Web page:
(Part two of a series on how Jesus would answer the question, “What would I do if I only had a week left to live?” Here’s Part one. )
2. That week, Jesus taught clearly and intensely
If Jesus spent the nights on the Mount of Olives, during the days of this week, Jesus was in the temple in Jerusalem. He was teaching. Sometimes he would pick the subject. But most often, people would ask him questions. Sometimes they were genuine questions. Sometimes they were traps.
He answered so skillfully that no one dared ask him more questions. And these were people who prided themselves on their ability to ask questions, to debate.
And then, on his last night before his death, during what we call the Last Supper, he taught his disciples. John has a record of part of the conversation, like an annotated outline. It’s still five chapters of John’s 21 chapters.
Jesus was making sure that he spent his last hours, his last interactions, on what would last—well-trained lives of people. We are still reading those words. Memorizing, teaching, applying. I realized recently how much of my teaching draws on what Jesus said in this last week.
3. That week, Jesus lived in relationship.
He spent the nights in prayer. He spent the days in teaching. But he spent the evenings in Bethany. With Martha and Mary and Lazarus. With friends. At the house of Simon the leper. I’m guessing that the meals and the conversation were remarkable and normal.
And he spent the breaks with the disciples. There were times when he wasn’t teaching, but sitting with them, walking around, walking to and from Jerusalem.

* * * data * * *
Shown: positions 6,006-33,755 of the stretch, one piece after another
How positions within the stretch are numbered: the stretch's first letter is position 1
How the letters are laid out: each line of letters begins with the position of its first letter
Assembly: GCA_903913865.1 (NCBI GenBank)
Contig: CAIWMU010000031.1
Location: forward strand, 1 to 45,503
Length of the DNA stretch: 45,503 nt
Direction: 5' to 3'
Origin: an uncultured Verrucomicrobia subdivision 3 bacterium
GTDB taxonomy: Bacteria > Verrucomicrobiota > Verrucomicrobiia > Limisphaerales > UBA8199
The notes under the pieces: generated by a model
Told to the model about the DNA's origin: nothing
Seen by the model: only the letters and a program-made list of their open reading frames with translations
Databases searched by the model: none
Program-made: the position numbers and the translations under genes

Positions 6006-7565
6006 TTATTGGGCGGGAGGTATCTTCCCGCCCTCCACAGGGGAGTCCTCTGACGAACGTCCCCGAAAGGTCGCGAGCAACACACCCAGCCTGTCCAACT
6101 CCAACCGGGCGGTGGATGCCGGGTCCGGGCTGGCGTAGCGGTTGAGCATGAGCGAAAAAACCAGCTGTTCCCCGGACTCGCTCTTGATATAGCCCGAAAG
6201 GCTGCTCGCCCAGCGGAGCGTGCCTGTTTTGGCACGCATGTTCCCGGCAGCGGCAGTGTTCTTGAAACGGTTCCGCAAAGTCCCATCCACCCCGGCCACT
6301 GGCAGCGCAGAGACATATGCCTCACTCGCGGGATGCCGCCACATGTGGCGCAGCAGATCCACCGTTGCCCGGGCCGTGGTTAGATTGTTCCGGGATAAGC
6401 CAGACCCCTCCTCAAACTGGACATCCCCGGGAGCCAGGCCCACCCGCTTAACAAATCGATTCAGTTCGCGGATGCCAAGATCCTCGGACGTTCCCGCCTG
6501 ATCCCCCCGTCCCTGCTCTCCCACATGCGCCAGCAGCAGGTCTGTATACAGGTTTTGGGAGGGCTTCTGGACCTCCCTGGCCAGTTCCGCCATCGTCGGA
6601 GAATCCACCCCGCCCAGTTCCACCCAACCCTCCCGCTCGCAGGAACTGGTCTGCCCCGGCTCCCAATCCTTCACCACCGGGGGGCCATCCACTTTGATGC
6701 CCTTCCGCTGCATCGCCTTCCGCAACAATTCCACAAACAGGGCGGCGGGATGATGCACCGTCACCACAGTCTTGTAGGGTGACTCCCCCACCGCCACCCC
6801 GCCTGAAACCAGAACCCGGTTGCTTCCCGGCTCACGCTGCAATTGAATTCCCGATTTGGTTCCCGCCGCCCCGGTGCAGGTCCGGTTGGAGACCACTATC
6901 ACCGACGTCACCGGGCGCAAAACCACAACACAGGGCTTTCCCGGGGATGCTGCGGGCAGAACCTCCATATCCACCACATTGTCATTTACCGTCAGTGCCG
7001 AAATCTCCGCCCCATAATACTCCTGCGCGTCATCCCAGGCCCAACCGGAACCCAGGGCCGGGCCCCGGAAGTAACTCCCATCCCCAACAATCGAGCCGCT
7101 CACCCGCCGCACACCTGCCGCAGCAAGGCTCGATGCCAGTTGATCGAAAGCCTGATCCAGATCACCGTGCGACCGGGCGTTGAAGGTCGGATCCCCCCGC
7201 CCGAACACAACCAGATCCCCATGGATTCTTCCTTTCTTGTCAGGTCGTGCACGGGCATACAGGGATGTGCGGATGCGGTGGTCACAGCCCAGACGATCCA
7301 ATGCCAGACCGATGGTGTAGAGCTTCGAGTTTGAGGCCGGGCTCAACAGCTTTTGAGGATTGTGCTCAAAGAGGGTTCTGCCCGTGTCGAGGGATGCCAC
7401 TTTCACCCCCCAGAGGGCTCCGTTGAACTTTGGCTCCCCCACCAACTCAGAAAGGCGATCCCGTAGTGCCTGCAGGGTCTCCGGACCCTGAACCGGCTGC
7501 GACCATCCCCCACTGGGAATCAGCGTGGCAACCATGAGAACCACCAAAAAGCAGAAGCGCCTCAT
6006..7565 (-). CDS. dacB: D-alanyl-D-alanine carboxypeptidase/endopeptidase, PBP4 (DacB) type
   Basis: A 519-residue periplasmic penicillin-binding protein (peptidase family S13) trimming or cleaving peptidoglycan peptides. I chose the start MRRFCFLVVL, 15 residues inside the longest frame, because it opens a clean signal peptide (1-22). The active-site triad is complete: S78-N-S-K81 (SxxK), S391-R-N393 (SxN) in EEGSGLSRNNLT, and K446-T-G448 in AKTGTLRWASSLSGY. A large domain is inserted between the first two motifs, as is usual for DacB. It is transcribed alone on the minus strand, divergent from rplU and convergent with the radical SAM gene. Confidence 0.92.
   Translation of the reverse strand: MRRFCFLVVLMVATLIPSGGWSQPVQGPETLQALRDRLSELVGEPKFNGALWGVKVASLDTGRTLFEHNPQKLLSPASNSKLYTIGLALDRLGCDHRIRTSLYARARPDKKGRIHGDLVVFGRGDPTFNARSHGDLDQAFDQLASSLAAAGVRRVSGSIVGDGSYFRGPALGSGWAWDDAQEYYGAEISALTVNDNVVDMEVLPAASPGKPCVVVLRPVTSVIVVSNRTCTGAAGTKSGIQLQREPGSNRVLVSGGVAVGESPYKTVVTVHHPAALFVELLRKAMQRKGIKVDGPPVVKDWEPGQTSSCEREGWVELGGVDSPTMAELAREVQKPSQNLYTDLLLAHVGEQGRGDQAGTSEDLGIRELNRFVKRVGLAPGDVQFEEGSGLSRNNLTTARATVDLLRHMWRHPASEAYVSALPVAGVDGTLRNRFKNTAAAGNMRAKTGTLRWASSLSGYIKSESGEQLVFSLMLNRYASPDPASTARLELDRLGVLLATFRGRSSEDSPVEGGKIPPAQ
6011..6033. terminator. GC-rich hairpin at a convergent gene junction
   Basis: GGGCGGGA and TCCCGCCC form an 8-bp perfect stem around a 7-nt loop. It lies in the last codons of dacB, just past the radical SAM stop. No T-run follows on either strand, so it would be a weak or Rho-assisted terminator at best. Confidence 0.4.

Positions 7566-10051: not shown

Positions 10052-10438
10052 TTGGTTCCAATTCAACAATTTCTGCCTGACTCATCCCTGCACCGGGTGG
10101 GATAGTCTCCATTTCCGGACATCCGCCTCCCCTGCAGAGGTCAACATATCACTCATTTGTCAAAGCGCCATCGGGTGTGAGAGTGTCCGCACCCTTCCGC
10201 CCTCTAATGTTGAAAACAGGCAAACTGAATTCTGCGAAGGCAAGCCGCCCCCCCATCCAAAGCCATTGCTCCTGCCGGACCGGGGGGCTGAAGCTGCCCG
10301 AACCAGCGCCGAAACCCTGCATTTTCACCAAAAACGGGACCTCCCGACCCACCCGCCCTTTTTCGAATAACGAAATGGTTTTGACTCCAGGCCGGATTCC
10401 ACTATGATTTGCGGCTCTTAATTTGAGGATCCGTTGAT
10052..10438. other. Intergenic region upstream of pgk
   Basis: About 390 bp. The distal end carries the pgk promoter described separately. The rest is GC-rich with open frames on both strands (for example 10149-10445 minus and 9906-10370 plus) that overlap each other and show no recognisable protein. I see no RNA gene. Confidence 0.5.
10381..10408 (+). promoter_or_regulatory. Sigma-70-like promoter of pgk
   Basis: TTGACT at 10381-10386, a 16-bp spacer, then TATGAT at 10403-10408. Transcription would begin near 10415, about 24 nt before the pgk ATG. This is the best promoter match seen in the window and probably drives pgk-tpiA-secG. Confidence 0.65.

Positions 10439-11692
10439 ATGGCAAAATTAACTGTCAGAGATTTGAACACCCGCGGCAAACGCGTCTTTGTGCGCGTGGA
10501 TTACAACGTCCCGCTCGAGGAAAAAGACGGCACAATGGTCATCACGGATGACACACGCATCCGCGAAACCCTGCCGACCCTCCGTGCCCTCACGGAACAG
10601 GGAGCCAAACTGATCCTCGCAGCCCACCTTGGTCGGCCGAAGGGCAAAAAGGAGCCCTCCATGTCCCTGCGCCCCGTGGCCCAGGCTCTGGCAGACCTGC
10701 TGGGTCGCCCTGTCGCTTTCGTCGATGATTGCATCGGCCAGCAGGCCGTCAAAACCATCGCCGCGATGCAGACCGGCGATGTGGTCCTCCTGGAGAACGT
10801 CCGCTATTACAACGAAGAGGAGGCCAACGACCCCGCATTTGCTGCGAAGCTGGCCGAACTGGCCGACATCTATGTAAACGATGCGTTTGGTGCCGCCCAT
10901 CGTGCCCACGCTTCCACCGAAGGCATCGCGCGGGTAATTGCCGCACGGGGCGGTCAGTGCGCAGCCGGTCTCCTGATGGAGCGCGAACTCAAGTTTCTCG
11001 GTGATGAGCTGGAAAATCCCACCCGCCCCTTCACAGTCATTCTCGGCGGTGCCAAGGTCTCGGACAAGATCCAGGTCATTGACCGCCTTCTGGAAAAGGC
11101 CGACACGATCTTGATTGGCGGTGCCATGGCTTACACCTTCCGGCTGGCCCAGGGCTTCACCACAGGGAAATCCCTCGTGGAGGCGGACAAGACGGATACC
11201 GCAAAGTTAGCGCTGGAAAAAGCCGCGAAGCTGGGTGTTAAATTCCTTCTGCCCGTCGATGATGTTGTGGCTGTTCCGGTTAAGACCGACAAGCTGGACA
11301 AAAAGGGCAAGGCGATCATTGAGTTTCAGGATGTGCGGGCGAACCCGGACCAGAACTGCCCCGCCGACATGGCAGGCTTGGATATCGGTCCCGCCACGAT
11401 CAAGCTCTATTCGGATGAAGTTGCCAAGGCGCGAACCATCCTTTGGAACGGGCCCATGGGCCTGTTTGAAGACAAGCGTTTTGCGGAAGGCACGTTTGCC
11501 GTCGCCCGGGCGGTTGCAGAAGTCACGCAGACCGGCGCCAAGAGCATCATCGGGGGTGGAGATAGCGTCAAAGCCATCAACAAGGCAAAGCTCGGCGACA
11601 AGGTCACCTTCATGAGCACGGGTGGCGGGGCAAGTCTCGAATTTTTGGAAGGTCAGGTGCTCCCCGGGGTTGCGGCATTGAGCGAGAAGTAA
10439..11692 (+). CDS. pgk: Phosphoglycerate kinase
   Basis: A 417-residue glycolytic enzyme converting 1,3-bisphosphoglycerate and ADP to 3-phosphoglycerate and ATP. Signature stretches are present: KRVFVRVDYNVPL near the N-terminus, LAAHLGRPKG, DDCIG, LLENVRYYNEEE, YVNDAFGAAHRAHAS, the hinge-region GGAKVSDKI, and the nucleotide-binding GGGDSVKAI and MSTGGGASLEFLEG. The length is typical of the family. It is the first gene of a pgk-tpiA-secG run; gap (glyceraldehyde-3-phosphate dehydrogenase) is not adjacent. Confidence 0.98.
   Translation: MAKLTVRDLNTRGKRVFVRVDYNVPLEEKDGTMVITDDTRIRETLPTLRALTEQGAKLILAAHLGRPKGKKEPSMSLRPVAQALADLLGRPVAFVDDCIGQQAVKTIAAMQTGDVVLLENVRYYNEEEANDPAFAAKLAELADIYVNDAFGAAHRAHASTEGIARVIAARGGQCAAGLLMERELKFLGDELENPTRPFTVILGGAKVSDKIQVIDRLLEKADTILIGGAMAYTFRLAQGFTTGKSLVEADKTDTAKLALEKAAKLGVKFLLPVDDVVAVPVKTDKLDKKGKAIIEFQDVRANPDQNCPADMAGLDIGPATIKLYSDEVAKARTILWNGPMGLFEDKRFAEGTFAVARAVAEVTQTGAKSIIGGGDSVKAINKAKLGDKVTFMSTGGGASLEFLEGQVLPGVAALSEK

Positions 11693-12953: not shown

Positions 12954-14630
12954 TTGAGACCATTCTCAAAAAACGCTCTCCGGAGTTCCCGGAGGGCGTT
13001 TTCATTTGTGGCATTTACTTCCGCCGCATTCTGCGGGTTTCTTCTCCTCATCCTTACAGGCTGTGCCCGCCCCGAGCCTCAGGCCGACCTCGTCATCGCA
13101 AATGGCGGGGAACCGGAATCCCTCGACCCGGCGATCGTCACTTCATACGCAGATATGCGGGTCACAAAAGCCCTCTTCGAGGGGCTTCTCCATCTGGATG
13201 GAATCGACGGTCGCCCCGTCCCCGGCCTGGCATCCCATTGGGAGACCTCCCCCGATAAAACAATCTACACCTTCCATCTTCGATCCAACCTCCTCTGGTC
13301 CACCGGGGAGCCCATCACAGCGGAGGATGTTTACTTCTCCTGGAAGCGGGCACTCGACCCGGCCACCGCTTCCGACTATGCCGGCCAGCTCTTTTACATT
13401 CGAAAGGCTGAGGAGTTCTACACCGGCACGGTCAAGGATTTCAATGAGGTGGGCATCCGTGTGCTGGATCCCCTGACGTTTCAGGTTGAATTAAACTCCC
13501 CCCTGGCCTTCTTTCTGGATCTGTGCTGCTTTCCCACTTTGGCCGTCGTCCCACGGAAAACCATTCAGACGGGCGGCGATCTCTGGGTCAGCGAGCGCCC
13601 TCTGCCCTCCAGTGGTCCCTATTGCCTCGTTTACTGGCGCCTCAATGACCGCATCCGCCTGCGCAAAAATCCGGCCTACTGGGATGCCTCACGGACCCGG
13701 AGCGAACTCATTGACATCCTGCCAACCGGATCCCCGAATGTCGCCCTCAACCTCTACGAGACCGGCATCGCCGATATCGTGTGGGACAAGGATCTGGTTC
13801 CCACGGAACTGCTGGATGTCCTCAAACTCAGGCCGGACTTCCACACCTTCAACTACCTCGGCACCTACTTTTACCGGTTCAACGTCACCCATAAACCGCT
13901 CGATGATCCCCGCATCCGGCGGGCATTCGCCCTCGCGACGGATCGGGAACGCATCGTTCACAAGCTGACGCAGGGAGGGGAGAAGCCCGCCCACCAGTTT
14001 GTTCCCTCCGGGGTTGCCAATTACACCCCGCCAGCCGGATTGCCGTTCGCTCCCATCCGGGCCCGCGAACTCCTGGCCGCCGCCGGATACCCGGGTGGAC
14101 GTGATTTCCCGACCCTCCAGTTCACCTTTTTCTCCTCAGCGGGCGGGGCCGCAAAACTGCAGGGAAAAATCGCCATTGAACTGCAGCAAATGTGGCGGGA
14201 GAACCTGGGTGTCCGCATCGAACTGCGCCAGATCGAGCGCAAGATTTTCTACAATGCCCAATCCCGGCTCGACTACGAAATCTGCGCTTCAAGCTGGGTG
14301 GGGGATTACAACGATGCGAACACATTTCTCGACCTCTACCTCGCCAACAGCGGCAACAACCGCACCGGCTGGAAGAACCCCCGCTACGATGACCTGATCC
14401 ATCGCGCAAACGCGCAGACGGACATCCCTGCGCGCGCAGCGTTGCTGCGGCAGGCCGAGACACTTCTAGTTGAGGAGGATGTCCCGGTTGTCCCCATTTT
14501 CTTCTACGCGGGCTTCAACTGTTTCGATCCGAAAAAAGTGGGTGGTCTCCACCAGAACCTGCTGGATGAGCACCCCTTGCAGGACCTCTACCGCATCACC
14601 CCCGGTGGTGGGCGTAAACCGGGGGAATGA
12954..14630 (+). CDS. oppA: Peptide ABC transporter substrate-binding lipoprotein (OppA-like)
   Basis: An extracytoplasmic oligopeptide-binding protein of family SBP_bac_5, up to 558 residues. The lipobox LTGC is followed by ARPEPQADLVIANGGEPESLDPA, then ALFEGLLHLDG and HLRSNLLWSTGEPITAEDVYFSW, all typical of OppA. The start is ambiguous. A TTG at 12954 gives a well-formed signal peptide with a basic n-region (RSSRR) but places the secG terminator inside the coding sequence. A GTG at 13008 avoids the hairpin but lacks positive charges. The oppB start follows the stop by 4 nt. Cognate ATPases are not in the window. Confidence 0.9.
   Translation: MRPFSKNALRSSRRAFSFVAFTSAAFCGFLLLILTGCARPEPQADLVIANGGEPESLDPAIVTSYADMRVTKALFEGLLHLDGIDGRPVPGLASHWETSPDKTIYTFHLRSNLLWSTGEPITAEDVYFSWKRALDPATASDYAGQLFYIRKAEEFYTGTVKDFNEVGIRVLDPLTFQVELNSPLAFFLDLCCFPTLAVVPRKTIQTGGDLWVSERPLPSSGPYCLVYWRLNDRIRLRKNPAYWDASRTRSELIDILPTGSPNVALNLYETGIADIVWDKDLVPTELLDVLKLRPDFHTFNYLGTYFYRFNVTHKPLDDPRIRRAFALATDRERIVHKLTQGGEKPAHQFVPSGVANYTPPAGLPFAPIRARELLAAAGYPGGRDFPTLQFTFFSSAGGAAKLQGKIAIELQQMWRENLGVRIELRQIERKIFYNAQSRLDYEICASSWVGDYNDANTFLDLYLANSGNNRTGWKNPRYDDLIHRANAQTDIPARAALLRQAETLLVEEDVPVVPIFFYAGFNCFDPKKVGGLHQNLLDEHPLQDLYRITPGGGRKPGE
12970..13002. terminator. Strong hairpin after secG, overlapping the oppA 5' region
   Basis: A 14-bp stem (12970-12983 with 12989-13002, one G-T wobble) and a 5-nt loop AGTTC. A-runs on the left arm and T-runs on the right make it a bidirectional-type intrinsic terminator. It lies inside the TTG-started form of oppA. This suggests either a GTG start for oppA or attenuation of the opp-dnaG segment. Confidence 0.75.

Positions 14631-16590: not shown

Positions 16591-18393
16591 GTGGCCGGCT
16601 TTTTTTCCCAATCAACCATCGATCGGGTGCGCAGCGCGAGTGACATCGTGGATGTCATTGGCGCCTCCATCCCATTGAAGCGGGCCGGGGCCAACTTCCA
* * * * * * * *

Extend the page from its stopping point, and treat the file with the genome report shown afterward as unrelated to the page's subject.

We often retreat in difficult times. But Jesus, with only a week left, stayed engaged. Because what was core to his whole life was relationship. At that last meal, he told his friends,” If you love me, keep my commands. Here’s my command. That you love one another.” And so he spent his last week with one another.
On Thursday night, the disciples and Jesus sat together to eat. Jesus told them that he’d been looking forward to this night.
I mentioned the teaching from that night already. But during that night he modeled relationship, too. He washed the disciples’ feet, including Judas’. He told Peter about his denial, but also told him that he would be okay.
And part of that relationship included making arrangements for others, continuing to fulfill his responsibilities. I love that he tells the disciples where to find the colt. He tells the disciples about the arrangements for the last supper. From the cross, he makes arrangements for John to take care of Mary.